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Harper Adams University student looks at rural crime in Hertfordshire

Posted 5 July 2017

"The method of reporting needs to be made quicker and easier, often farmers give up after dialling 101 and waiting on hold for a long time."

For her Honours Research Project (HRP), BSc (Hons) Rural Enterprise and Land Management student Molly Dickson has investigated farm crime and farmers’ perceptions of policing in her home county of Hertfordshire.

Hertfordshire was the first police force in England to pioneer the Rural Special Constable Initiative in 2009. Molly’s study has evaluated the role of rural specials in Hertfordshire.

Molly, 23, a farmer’s daughter from St Albans, said: “I surveyed a total of 83 Hertfordshire farmers for my project, and then conducted seven face-to-face interviews to explore and investigate key themes further. The interviews were with three Hertfordshire farmers, two rural special officers, the police and crime commissioner (PCC) for Hertfordshire and an officer from Hertfordshire’s Rural Operational Support Team (ROST).”

“The survey results, and interviews highlighted that farmers in Hertfordshire in the last five years have been victims of a variety of crime types, but fly-tipping and hare coursing are particular concerns and incidents have escalated in Hertfordshire recently. However, the true level of farm crime appears to be unknown as the survey results showed only 16% of farmers reported all of the crimes they suffered to the police.

“There is a general consensus amongst Hertfordshire farmers that the deterrents and levels of fines for fly-tipping and hare coursing are not severe enough and that the judiciary don’t understand the implications and costs of these crimes to farmers and therefore they are not using their sentencing powers to the full.”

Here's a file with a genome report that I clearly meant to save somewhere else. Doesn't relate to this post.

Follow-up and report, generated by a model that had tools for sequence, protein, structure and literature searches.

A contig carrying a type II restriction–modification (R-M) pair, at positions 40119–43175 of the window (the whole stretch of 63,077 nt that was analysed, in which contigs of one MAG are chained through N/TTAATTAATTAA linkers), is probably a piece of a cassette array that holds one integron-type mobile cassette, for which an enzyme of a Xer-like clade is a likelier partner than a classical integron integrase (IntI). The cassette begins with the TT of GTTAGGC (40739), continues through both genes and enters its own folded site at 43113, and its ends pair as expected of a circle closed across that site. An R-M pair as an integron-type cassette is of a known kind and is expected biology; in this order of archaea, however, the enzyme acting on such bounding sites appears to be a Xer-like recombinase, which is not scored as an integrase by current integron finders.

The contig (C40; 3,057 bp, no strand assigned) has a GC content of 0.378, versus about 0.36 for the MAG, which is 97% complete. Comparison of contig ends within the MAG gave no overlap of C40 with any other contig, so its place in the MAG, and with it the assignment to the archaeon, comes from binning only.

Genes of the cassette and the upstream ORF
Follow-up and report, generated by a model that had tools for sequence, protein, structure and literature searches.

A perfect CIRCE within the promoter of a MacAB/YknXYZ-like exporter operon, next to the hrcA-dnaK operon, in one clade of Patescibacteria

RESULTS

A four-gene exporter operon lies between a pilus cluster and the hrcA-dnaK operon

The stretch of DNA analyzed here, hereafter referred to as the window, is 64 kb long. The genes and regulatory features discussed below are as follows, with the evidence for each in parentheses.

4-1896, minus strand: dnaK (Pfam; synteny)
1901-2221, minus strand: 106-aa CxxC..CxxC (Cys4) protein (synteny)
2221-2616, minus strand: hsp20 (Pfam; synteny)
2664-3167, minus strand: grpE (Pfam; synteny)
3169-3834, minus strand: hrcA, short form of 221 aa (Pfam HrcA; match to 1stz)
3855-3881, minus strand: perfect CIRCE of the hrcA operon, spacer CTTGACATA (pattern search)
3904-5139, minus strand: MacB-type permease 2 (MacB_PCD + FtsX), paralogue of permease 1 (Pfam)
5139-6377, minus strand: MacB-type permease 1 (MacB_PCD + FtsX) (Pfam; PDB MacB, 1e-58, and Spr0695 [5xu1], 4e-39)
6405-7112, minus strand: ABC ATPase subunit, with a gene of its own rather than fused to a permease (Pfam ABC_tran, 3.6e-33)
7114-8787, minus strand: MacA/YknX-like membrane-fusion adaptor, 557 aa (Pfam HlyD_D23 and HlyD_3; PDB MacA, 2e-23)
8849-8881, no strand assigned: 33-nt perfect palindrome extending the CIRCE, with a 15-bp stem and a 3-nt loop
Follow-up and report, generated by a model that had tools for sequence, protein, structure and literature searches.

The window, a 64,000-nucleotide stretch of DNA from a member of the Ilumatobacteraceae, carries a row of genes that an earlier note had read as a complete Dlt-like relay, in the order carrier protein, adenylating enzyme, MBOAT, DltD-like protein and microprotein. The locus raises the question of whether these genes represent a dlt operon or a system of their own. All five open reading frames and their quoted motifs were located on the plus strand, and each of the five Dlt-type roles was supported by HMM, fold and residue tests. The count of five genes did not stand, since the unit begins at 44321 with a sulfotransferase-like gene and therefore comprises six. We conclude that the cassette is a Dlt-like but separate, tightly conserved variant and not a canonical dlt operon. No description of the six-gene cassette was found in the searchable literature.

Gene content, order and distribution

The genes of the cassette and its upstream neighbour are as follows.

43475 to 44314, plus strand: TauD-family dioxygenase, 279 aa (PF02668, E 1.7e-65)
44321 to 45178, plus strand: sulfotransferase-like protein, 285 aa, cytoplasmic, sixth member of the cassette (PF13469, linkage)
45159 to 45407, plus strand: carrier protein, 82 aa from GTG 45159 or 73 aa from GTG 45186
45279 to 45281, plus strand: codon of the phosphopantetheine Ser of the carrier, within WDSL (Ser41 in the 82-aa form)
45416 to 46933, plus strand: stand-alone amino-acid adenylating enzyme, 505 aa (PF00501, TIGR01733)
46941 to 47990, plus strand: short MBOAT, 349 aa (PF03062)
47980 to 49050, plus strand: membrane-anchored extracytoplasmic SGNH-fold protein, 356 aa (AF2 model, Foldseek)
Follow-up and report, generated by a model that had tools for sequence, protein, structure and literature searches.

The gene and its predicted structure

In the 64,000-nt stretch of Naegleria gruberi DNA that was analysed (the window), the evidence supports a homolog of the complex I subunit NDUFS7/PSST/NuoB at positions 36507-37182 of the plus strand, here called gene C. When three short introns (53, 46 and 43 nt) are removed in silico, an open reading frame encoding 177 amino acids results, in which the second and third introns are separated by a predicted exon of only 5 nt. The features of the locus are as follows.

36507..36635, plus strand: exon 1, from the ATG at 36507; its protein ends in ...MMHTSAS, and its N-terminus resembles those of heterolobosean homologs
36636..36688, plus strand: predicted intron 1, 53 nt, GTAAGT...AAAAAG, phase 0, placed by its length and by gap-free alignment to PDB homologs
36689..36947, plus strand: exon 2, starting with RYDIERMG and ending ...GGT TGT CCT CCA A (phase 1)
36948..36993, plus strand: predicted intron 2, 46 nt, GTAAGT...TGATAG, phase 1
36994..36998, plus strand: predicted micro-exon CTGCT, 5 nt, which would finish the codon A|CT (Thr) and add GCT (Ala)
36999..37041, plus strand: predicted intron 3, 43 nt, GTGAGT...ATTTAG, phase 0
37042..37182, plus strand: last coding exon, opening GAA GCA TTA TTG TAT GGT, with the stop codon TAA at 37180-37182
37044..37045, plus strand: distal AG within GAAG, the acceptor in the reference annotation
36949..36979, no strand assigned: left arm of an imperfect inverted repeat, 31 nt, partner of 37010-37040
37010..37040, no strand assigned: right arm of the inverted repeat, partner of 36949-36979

“The survey found that Hertfordshire farmers’ perceptions of policing are varied, with many appreciating the work the force do. However, the results indicated there is still room for improvement. Rural crime not being a priority and a lack of man power and resources were common issues raised and several farmers believe that although police understanding of farmers’ concerns are improving, they still do not understand fully.

“The ROST team is a team of five regular officers who specialise in assisting and educating officers on rural crimes. When I interviewed the ROST officer he told me that his main goal is for every police officer to have a basic knowledge of rural crime and for every officer to treat and respond to rural crime in the same way as any other crime.

“However, it is a vicious circle; police resources are intelligence-based and to allow the police to do their jobs properly, and to deploy these valuable resources, the police needs to know where the problems lie and farmers need to be more proactive in reporting crimes. Nevertheless, to encourage farmers to report crimes, improvements need to be made.

“I believe that the method of reporting needs to be made quicker and easier, often farmers give up after dialling 101 and waiting on hold for a long time. I also think that more regular police feedback of arrests and convictions would let farmers know that their reporting is not wasted and is leading to results. If control room staff had a better understanding of rural crime, the service they provide would improve, and farmers would be encouraged to report more often. Also, if every officer who attends a scene of a rural crime had a sufficient understanding of the issues and implications, the perception of policing would again improve.

“Rural specials are volunteers but with the same police powers as regular officers. I found that on the whole, Hertfordshire farmers believe that the Rural Special Initiative is a really positive thing. The farmers surveyed generally feel that rural specials have a better understanding of rural crime and its implications, leading to more effective communication and response. Rural specials also have greater knowledge of the local area and community which is beneficial when preventing and solving crime and to an extent they have played a part in educating regular officers on rural matters.

“Within Hertfordshire, we’re lucky to have both the ROST team and the Rural Special Initiative, working within the force with other regular officers to help tackle rural crime. I believe further deployment of rural specials across the county would be beneficial.”

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